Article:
Modulator - Issue No. 17

Role of Neurotrophins in Synapse Formation

Phyllis Dan, Ph.D.


The neurotrophins (“neuro” means nerve and “trophe” means nutrient)1 are a family of soluble, basic growth factors which regulate neuronal development, maintenance, survival and death in the central and peripheral nervous systems2. They include NGF, the first member of the family to be discovered, BDNF, NT3 and NT4/5. Their actions are mediated by two types of receptors: the Trk family, which matches each neurotrophin to its own receptor3, and p75NTR which is a universal neurotrophin receptor4.

The neurotrophins have been shown to affect dendritic and axonal growth5, efficacy of synaptic transmission6. maturation of synaptic contacts, density of synaptic innervation7, and development of occular dominance columns in the visual cortex8. BDNF specifically has emerged as a central player in this arena and has been shown to be essential in establishing neuronal connectivity9, modulation of axon and dendritic branching10, increasing synaptic transmission efficacy11, and influencing synaptic and network maturation12.

Synapses are assymetric communication junctions formed between two neurons, or at the neuromuscular junction, between a neuron and a muscle cell. Chemical synapses enable cell to cell communication via secretion of neurotransmitter, whereas in the less abundant electrical synapases, signals are transmitted through gap junctions. Synapse asssembly begins when axons approach their targets and establish contact with dendritic arbors or soma of their target neuron13.

Neurotrophins and Formation of Functional Synapses

In order to postulate a connection between neurotrophins and formation of functional synapses, one of the first things to investigate is the effect of neurotrophins on the number of synapses. It has been shown that synaptic density is increased 2.5 fold in the superior cerv ical ganglion of transgenic mice overexpressing BDNF and is decreased in BDNF knockout mice7. Mice lacking TrkB and Trk C (the specific receptors for BDNF) also show decreased density of synapses14. Each neurotrophin has a specific effect: in cultured hippocampal neurons it has been found that BDNF induced the formation of both excitory and inhibitory synapses, whereas NT-3 induced the formation of only excitory synapses15.

The effect of neurotrophins on synapse numbermay reflect not only the production of new synapses, but the stabilization of existing ones. It has been found that axon terminals of TrkB and TrkC deficient mice have decreased density of synaptic vesicles, and a dramatic and specific downregulation of presynaptic proteins. This points to a role for neurotrophins in the development and maturation of synaptic structure by regulating the levels of some presynaptic proteins14.

After establishing that neurotrophins affect the number and stablility of synapses, it must be established that these are functional synapses, according to the electrophysiological criterion. The first direct evidence that the presence of neurotrophins was required for formation of functional synapses was shown in Lymnae neurons.16 It was shown that when juxtaposed in cell culture, excitory synapse formation beween a variety of presynaptic and postsynaptic neurons depends on extrinsic trophic factors, and that the effect was mediated by receptor tyrosine kinases, leaving no doubt that the neurotrophins are involved, although specific neurotrophins were not identified. At central glutameaergic synapses, BDNF promotes the transition of immature, electrically “silent“ synapses into mature synapses17.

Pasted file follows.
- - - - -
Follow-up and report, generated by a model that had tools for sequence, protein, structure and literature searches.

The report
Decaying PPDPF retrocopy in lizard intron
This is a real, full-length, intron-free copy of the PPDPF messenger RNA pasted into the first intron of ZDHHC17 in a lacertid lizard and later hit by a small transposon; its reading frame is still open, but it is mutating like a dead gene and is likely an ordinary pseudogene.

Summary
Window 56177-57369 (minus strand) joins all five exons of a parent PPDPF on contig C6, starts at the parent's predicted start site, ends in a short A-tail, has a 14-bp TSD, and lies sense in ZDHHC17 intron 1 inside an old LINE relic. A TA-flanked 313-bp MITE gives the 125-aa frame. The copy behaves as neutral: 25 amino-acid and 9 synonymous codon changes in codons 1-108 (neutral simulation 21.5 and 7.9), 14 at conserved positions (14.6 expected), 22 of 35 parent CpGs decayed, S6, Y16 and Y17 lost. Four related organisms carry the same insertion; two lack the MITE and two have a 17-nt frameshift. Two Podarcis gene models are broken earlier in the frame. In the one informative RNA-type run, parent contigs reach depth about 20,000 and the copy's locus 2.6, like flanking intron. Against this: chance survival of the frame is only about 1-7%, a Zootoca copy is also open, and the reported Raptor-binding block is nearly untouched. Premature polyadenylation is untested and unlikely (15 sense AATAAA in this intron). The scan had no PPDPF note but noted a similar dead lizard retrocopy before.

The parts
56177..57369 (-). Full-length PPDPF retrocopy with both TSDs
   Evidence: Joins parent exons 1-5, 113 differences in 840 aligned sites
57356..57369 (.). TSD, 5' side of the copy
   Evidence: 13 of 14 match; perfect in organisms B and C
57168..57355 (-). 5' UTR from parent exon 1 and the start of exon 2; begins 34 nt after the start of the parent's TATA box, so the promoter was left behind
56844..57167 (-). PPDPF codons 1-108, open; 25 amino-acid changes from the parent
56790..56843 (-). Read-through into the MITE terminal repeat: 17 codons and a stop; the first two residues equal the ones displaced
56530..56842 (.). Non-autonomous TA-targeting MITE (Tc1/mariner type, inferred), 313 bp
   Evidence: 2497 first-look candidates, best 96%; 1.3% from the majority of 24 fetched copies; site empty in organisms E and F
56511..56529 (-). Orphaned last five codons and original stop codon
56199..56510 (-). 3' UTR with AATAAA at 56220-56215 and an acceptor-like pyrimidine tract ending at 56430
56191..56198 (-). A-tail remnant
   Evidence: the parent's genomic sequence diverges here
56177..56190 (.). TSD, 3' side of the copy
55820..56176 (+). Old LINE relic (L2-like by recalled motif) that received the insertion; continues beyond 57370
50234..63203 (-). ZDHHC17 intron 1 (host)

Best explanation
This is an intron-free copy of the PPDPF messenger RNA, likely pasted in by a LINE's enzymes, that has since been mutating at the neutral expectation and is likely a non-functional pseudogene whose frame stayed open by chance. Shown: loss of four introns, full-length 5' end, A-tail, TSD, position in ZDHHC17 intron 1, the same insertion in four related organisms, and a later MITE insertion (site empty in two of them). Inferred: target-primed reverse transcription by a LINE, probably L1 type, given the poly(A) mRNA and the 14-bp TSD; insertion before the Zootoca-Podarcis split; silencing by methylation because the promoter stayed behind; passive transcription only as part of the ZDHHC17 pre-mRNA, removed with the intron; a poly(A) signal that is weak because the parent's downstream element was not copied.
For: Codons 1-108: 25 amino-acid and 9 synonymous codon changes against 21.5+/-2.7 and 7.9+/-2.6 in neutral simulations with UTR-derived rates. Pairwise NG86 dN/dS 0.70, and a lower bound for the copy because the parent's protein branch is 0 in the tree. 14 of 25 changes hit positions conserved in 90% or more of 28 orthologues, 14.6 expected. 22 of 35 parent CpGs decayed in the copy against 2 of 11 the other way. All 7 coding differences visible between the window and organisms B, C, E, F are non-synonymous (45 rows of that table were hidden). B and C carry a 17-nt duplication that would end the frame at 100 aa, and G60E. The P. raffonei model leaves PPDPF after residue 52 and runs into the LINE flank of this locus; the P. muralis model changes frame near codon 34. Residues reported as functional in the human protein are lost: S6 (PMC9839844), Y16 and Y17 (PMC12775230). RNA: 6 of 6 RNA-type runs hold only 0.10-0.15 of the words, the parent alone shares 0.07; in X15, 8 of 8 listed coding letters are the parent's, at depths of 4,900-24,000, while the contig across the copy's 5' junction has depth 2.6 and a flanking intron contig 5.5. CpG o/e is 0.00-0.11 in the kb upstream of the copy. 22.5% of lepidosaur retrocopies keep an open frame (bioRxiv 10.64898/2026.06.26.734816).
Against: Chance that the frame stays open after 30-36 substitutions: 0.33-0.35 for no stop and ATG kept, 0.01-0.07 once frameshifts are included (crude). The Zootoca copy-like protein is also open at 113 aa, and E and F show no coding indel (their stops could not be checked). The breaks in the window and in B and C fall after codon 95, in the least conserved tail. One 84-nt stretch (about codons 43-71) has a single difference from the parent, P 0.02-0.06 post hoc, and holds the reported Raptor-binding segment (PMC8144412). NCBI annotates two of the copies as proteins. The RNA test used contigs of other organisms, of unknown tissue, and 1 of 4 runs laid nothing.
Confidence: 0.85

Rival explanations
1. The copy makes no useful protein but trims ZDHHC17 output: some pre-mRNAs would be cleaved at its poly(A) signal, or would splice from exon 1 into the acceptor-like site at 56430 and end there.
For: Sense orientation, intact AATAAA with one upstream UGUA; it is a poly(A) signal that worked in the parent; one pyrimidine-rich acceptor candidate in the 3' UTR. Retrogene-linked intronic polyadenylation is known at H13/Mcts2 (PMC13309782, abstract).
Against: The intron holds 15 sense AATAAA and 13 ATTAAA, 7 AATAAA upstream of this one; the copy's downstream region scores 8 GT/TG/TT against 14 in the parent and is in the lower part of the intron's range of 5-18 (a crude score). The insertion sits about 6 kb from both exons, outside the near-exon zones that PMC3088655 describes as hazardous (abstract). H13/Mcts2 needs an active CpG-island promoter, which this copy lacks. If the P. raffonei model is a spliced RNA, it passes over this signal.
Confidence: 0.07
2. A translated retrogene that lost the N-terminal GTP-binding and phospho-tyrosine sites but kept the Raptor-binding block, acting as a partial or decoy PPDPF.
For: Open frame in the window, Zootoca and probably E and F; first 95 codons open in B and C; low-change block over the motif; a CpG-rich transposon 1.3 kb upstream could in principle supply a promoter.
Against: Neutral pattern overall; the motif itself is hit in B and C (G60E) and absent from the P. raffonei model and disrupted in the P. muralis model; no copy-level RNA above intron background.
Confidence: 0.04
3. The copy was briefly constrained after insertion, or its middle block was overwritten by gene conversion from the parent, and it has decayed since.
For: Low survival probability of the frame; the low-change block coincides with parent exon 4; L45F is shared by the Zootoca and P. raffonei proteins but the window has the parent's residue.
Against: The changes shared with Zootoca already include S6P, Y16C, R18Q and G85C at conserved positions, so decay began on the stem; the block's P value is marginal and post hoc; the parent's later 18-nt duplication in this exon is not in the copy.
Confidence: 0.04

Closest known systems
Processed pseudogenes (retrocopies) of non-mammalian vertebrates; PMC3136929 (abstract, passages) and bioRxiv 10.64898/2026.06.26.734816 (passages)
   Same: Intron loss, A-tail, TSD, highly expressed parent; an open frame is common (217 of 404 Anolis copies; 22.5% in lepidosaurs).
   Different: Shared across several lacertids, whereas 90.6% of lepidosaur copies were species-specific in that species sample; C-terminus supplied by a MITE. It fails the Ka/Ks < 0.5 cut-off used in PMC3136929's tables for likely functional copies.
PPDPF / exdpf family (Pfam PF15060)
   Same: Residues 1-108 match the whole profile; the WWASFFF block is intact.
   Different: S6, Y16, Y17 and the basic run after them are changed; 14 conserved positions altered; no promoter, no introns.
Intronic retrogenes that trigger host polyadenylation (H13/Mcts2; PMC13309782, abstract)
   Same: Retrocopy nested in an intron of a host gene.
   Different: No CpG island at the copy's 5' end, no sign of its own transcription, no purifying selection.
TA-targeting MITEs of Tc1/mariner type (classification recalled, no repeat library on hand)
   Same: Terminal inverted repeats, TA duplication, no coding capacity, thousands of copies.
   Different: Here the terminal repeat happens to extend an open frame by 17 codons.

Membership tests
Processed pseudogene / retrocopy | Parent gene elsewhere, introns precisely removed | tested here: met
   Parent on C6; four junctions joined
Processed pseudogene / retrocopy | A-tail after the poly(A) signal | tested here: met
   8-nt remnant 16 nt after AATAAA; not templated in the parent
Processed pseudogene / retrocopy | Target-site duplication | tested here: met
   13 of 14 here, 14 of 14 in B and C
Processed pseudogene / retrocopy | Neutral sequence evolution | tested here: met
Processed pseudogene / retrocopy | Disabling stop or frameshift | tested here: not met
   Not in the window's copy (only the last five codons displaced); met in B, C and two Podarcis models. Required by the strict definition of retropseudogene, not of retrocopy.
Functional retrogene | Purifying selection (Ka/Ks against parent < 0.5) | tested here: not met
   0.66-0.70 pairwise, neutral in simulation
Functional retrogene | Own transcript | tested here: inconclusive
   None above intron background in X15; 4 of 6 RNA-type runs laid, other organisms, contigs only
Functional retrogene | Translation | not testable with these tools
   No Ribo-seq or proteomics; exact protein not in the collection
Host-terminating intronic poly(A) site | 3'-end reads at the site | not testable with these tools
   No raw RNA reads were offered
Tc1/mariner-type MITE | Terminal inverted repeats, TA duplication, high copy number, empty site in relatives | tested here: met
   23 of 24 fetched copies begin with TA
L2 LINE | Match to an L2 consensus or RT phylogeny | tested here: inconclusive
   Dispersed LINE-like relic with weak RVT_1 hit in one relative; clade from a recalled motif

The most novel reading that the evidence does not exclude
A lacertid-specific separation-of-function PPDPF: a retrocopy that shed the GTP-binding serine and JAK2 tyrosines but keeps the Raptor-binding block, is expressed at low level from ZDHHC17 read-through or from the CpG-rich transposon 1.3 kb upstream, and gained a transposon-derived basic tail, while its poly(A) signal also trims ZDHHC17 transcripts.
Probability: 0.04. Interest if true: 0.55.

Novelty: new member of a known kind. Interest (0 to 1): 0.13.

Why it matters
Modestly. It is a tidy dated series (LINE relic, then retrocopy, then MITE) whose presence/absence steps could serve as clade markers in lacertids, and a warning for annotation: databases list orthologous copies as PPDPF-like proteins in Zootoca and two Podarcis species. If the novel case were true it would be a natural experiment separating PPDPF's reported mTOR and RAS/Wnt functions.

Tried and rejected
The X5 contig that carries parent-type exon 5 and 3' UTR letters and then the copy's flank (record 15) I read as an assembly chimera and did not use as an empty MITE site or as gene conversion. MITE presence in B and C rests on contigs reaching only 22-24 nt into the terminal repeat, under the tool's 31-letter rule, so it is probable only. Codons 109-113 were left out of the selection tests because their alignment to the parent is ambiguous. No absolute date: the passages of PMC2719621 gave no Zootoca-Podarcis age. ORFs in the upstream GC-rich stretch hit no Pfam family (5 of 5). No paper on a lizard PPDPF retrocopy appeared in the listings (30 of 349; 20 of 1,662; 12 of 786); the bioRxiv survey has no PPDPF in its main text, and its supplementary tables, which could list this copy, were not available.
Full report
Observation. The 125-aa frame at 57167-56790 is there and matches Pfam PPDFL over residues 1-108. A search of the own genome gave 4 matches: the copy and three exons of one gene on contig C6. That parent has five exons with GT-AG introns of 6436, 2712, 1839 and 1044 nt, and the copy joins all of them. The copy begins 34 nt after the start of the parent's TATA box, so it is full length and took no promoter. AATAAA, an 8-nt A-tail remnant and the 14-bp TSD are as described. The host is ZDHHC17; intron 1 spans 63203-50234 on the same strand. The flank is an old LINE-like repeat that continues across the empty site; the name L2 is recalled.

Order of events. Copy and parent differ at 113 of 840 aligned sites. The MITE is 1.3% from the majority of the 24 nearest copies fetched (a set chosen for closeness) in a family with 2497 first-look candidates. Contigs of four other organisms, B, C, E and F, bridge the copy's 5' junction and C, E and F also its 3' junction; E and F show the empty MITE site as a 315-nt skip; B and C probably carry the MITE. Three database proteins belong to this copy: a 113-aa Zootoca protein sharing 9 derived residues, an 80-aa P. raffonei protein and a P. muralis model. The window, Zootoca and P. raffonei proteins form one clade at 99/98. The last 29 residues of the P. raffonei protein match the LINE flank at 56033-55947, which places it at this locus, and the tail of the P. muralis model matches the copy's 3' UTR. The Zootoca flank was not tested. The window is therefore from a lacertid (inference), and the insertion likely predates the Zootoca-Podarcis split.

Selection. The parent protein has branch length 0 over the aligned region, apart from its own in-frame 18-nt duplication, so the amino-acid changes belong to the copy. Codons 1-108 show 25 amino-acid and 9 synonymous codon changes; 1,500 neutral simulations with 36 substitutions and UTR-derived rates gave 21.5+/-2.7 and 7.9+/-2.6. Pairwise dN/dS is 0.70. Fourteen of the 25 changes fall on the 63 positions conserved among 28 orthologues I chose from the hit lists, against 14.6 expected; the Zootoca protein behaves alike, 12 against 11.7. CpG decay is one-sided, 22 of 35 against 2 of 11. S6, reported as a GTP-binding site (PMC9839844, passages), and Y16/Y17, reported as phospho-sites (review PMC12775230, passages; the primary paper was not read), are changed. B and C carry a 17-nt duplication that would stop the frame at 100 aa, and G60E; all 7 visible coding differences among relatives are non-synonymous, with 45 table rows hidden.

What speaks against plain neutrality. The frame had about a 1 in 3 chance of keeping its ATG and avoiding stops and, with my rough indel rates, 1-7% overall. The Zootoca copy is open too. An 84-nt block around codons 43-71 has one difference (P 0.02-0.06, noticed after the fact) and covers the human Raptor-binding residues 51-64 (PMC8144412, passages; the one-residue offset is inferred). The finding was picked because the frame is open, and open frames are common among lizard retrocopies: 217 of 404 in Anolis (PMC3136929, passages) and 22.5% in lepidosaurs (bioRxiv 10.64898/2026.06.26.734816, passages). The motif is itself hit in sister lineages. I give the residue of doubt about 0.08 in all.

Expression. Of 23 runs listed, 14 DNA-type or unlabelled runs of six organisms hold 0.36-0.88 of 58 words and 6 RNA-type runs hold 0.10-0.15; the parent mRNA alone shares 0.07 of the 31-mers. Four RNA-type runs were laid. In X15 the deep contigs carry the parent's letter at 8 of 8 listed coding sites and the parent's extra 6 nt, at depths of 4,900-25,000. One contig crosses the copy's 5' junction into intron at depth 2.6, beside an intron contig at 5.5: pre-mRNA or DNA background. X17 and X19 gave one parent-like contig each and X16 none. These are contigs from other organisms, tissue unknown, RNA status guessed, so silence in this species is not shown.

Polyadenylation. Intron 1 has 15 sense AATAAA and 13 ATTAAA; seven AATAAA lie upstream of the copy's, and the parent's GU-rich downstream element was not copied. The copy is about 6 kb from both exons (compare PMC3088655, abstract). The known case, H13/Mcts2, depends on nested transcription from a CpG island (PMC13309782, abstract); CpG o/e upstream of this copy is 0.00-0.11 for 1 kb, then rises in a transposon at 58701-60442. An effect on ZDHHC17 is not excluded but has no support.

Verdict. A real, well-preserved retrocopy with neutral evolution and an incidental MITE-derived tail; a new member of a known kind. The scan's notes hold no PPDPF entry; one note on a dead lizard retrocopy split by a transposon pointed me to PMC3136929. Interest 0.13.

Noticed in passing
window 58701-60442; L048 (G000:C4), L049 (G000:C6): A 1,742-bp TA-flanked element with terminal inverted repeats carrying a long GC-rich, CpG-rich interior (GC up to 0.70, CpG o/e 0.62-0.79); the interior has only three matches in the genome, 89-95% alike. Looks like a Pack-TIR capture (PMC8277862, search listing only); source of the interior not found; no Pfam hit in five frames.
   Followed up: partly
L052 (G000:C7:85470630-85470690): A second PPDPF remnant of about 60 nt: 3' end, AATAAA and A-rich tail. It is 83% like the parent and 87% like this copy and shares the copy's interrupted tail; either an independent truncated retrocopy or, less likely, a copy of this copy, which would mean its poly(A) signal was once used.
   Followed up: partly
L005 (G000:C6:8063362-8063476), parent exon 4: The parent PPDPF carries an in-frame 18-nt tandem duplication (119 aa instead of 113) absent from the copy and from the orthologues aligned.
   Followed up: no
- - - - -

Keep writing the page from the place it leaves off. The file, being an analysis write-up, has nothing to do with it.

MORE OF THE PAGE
The precise mechanisms of neurotrophin actions are being elucidated. The formation of the synapse is a complicated process with multiple possibilities for regulation at the biochemical and topographical levels. One of the points to be clarified is the precise location of the neurotrophin effect. The clustering of neurotransmitter containing vesicles at the presynaptic side of the synapse occurs during synapse formation18. BDNF specifically increased the number of synaptic vesicles docked at the presynaptic terminal of the active zone of CA1 pyramidal neurons in hippocampal slices19. On the other hand, in Lymnae neurons, the modulation of postsynaptic nicotinic acetylcholine receptors was sufficient to account for the trophic factor induced excitory synaptogenesis20. Therefore, it seems that the action of neurotrophins can be both at the presynaptic or postsynaptic side of the synapse, since there is experimental evidence for both views. The effect of electrical activity on synaptogenesis is complex. According to the classic Hebb’s Rule excitory synapses that succesfully stimulate a postsynaptic neuron, or are active when the postsynaptic neuron is depolarized are selectively stabilized18. However, it has been shown that neurotrophins can promote the development of excitary and inhibitory synapses in the presence of Tetrodotoxin citrate (#T-550) (which blocks voltage-gated Na+ channels) indicating that neurotrophins do not require action potential invasion of the presynaptic terminal to promote the maturation of these synapses21.


It is clear that the neurotrophin family, acting through their specific Trk receptors are essential for the formation and maturity of synapses in the central and peripheral nervous systems. The precise mechanisms of their complex actions are being investigated in in vivo and in vitro models even at the level of the single cell. As we continue to unravel the multifaceted effects of this family of proteins we come closer to a full understanding of the marvelous workings of the nervous system.

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